Raleigh, N.C. — Could the Affordable Care Act, what some people call "Obamacare," be losing steam as a political issue?
An Elon University Poll released Monday suggests that North Carolina voters aren't exactly feeling great about the ACA, but neither are they as down on President Barack Obama's signature health care law as they were six months ago.
In November, 54 percent of of registered voters told the poll that they believed the ACA would make things worse for health care. That declined to 44 percent in April.
That doesn't mean North Carolinians like the law. Only 35 percent of those responding to the April survey said they believed the ACA would make health care better. But it does suggest that health care may be a less effective weapon for Republicans going into the fall general election than had once been thought.
"I think it's inevitable it will slowly decline (as an issue). It has been on the national agenda for such a long time," said Kenneth Fernandez, director of Elon University Poll.
Still, there are important partisan differences.
More than 80 percent of Republicans still say the ACA will make health care worse, while only 15 percent of Democrats do.
So, it makes sense that all eight Republican U.S. Senate candidates, including front-runners Thom Tillis, Greg Brannon and Mark Harris, all hammered home the "repeal Obamacare" message during the primary. The question is, will they be able to comfortably stay on that message through the fall?
To answer that question, the most important numbers may be the unaffiliated voters. Only 44 percent of independents say the ACA will make the nation's health care system worse. That's still more than the number of unaffiliated voters who say the ACA will make health care better, but speaks to a diminishing playing field for the issue.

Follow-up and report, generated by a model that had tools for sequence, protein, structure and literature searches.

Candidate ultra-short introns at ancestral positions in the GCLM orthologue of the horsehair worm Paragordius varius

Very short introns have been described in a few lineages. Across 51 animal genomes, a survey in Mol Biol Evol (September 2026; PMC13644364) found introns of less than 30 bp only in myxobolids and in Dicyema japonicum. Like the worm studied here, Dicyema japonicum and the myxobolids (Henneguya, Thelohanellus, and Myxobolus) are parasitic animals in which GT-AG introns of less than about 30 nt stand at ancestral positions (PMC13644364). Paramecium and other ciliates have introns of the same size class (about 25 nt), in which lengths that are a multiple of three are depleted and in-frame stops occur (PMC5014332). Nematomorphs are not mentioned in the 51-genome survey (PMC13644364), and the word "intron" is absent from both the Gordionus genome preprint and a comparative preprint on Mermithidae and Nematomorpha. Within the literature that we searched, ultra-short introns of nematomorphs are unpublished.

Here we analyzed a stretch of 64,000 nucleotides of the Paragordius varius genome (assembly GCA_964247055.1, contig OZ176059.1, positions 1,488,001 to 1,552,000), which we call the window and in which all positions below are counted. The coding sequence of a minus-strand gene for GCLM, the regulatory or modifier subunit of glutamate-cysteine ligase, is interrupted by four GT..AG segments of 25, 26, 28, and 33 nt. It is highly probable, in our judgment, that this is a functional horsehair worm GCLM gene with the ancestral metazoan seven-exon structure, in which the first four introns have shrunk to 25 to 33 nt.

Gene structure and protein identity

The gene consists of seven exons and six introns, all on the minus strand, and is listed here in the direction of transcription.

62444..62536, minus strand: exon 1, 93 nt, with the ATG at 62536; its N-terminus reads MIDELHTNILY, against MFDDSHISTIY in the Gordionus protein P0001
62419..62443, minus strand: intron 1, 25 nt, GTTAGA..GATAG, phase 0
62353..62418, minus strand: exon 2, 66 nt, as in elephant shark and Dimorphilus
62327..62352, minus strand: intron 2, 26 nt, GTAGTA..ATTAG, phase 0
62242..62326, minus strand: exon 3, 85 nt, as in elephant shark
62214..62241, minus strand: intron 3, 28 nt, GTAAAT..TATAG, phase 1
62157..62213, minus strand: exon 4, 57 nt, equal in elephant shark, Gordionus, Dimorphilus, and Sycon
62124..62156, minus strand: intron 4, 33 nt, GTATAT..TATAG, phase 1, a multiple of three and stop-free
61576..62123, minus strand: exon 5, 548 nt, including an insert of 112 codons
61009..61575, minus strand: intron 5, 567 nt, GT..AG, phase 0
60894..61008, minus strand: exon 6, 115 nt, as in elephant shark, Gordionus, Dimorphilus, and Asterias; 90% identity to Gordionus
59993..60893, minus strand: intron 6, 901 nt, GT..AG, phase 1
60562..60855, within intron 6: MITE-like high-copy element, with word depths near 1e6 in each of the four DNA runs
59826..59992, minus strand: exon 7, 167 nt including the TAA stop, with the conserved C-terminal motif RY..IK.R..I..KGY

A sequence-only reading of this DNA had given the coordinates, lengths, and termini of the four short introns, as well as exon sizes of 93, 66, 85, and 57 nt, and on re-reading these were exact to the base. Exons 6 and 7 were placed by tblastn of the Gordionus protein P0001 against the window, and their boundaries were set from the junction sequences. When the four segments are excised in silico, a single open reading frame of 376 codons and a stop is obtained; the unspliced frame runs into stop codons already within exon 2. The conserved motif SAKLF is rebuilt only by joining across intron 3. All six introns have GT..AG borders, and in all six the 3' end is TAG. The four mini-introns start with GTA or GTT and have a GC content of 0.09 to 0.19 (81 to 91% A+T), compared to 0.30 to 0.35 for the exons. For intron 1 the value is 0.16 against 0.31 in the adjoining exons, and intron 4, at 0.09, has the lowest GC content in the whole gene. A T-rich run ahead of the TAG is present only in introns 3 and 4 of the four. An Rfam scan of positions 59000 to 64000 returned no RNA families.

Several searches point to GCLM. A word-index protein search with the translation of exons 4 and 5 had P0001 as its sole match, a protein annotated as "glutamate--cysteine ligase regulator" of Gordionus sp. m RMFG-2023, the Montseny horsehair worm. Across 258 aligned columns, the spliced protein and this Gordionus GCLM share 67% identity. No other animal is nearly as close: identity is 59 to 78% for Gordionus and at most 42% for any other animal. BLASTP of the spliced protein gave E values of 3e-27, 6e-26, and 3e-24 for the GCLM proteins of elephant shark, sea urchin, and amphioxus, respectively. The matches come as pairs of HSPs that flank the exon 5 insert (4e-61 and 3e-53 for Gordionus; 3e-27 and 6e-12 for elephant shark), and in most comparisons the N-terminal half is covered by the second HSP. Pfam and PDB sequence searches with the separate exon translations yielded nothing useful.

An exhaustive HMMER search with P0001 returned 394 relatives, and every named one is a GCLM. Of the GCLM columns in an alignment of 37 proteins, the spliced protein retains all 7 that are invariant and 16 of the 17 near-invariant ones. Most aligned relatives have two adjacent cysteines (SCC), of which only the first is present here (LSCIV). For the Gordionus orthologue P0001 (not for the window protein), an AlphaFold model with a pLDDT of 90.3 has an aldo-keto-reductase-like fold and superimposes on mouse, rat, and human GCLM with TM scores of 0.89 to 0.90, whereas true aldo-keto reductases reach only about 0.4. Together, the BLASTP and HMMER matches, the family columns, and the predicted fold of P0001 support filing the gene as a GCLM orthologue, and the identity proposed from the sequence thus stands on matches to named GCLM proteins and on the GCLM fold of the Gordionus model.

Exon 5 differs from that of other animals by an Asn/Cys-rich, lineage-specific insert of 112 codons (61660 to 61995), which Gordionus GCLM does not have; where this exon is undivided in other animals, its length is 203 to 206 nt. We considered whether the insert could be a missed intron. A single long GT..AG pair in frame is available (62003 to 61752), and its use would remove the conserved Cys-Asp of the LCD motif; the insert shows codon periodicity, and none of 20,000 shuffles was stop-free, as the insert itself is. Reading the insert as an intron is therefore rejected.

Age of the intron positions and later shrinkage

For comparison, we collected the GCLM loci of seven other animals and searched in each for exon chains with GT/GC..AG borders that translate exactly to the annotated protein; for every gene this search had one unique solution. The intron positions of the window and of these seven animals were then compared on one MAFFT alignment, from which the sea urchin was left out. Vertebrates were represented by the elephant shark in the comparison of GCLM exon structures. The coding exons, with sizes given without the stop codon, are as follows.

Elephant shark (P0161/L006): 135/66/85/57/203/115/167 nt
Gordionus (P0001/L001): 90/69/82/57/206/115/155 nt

"Still, in a close election, that could be enough to swing things," Fernandez said, saying that Republicans would still have an incentive – albeit a diminishing one – to use the issue this fall.
The results echo a New York Times poll that found 60 percent of North Carolinians would like to see their congressional representatives work to improve the law, rather than repeal it.
The Elon Poll has a margin of sampling error of plus or minus 3.78 percentage points for most questions, although that margin is bigger when talking about subsets of voters like Republicans and Democrats.
Those cross tabs often reveal differences between different kind of voters not immediately apparent in the top line result. For example, 29 percent of voters said they believed the economy would get better, versus 26 in December. But there was both a partisan divide – 41 percent of Democrats were upbeat about the economy versus 28 percent of unaffiliated voters and 14 percent of Republicans – as well as a racial divide. Black voters were twice as likely as white voters to say the economy will improve: 46 percent to 23 percent.
As voters go to the polls, it's worth noting that the state's new voter ID policy, which fully goes into effect in 2016, is generally popular but more popular among some voters than others. Some 70 percent of voters overall say they approve of requiring identification in order to cast an in-person ballot, but the cross-tabs show that the policy is much more popular among Republicans, 97 percent of whom say they approve of the policy.
Roughly three-quarters of unaffiliated voters say they approve of the policy.Only 45 percent of Democrats approve, but that is a recent phenomenon, Fernandez said. Until September, a majority of Democrats polled in North Carolina said they tended to favor a voter ID policy, he said. The change, he said, correlated with the months of protests at the General Assembly by the "Moral Monday" movement.
One last telling cross-tab: voters were asked about their support for allowing same-sex couples to marry. The younger a voter in the survey, the more likely they were to support legalizing gay marriage.